When it comes to cycling clothing, it should be stylish, comfortable, and practical, all while being reasonably priced. The brand is not important as long as it meets these standards. I don't have a loyal attachment to any particular brand, but if they consistently deliver, they may earn my repeat business. For years, I relied on DHB, which is sold by Wiggle, for my cycling apparel after returning to Switzerland from Northern California.
However, the future of several online bike retailers is uncertain. When the pandemic hit, factories in the Far East closed, sea ports slowed operations, and the entire supply chain collapsed. People were sent to home office, were no longer able to go to the gym or yoga class, and suddenly discovered cycling. Bike stores, both online and physical, struggled to keep up with the surging demand for bikes and parts. The bike industry collectively saw the post-pandemic years through rose-tinted glasses. They cranked up production and filled inventories. When inflation rose, prices climbed while real wages dropped. Cyclists, both new and seasoned, are feeling the pinch and have not returned to the shops. As 2023 draws to a close, inventories are overflowing with unwanted merchandise, and the industry is offering massive discounts to stay afloat.
Wiggle, Chain Reaction Cycles, Probikeshop, Bikester, and Fahrrad.de have had another wrench thrown into their spokes. They are all part of an umbrella company called Internetstores GmbH. Internetstores GmbH is the European subsidiary of Signa Sport United, which recently filed for bankruptcy. Signa Sports United, in turn, is part of Signa Holding, a debt-ridden Austrian property empire that is unraveling as we speak. As a result of the turmoil, WiggleCRC has announced that its international e-commerce platforms, which only made up 15% of the business’s revenue, will be shutting down in the coming weeks to focus their efforts solely on the UK market. This means I will no longer be able to shop there.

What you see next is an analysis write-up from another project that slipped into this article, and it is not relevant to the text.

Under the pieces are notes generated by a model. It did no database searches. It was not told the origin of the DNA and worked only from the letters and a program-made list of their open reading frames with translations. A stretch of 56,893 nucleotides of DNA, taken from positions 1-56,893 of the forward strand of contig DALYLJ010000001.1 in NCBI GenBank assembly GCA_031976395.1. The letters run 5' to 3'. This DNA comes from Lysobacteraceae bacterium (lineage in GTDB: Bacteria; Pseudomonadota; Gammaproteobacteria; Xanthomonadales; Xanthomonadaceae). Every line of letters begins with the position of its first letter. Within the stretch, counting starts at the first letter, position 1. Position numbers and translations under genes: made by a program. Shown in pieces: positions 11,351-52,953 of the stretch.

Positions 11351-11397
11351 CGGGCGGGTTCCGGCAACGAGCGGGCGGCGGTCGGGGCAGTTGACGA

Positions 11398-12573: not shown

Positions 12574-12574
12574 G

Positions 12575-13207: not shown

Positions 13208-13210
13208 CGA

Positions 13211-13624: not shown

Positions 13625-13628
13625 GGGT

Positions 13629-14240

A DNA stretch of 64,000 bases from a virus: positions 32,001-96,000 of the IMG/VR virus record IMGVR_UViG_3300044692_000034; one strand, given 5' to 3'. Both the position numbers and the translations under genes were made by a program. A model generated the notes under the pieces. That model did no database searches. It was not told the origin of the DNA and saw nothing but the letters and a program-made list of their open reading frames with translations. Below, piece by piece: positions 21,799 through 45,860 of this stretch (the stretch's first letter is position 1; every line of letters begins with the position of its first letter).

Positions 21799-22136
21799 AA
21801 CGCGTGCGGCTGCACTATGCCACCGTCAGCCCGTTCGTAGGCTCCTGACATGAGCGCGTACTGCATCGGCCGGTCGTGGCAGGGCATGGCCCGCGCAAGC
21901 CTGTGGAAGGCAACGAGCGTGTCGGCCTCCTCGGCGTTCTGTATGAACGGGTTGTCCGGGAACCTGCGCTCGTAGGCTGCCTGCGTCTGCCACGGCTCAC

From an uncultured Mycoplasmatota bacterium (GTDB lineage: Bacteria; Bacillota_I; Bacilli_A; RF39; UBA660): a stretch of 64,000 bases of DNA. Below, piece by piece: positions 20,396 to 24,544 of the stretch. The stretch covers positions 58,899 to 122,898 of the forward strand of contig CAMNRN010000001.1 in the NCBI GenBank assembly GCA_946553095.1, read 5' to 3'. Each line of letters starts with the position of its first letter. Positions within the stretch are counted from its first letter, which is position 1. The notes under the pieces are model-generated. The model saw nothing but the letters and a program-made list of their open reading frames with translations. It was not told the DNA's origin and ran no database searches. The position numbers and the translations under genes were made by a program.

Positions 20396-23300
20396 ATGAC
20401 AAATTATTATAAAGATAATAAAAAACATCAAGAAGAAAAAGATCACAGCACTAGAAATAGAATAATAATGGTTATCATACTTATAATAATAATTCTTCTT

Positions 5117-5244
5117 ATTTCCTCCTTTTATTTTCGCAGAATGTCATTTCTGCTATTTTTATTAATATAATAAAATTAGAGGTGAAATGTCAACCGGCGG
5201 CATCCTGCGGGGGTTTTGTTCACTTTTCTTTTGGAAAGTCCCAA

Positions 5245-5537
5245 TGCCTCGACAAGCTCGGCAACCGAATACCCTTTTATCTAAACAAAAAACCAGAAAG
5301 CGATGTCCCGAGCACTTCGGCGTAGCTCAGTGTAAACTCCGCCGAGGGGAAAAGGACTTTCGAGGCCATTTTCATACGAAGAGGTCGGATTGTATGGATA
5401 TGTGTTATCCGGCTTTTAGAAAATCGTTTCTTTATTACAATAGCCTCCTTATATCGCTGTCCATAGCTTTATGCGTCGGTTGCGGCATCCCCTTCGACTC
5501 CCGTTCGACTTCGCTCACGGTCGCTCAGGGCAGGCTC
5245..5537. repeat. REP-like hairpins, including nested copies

Last year, I began browsing for cycling apparel on AliExpress. During the autumn season, I revisited the website to search for cycling jackets, long-sleeved jerseys, vests, and bib shorts. I found two brands, Spexcel from Shenzhen and My Kilometre Sports from Wuhan, China, that offer up-to-date designs and high-quality materials. Both brands have their own online stores on AliExpress. I purchased several windproof vests from Spexcel that are perfect for chilly rides. The vests are made with advanced materials and clever construction. The same can be said about their bib shorts, which provide a lot of value for the price. The long-sleeved jerseys from My Kilometre Sports are equally impressive, with stylish cuts, excellent craftsmanship, and meticulous attention to detail.
Every once in a while, I receive a DM on Instagram from @EPNsupplements with an offer to become a sponsored athlete. With my measly 305 followers, I guess my circle of influence is large enough to qualify as an ambassador for supplements. What the heck do I need supplements for? It’s not like I have ever switched on my coffee maker in the morning, still half-asleep, with the thought that I needed to supplement my cup of Joe with a dose of multivitamins. And when I am out on a long bike ride, my stomach has never screamed out for a silly protein powder. I do, however, often look forward to a cold, post-ride beer. Research on exercise supplements shows that these products are a useless waste of money and can be potentially toxic to your body. Such supplements only do one thing: fill the pockets of those who sell them.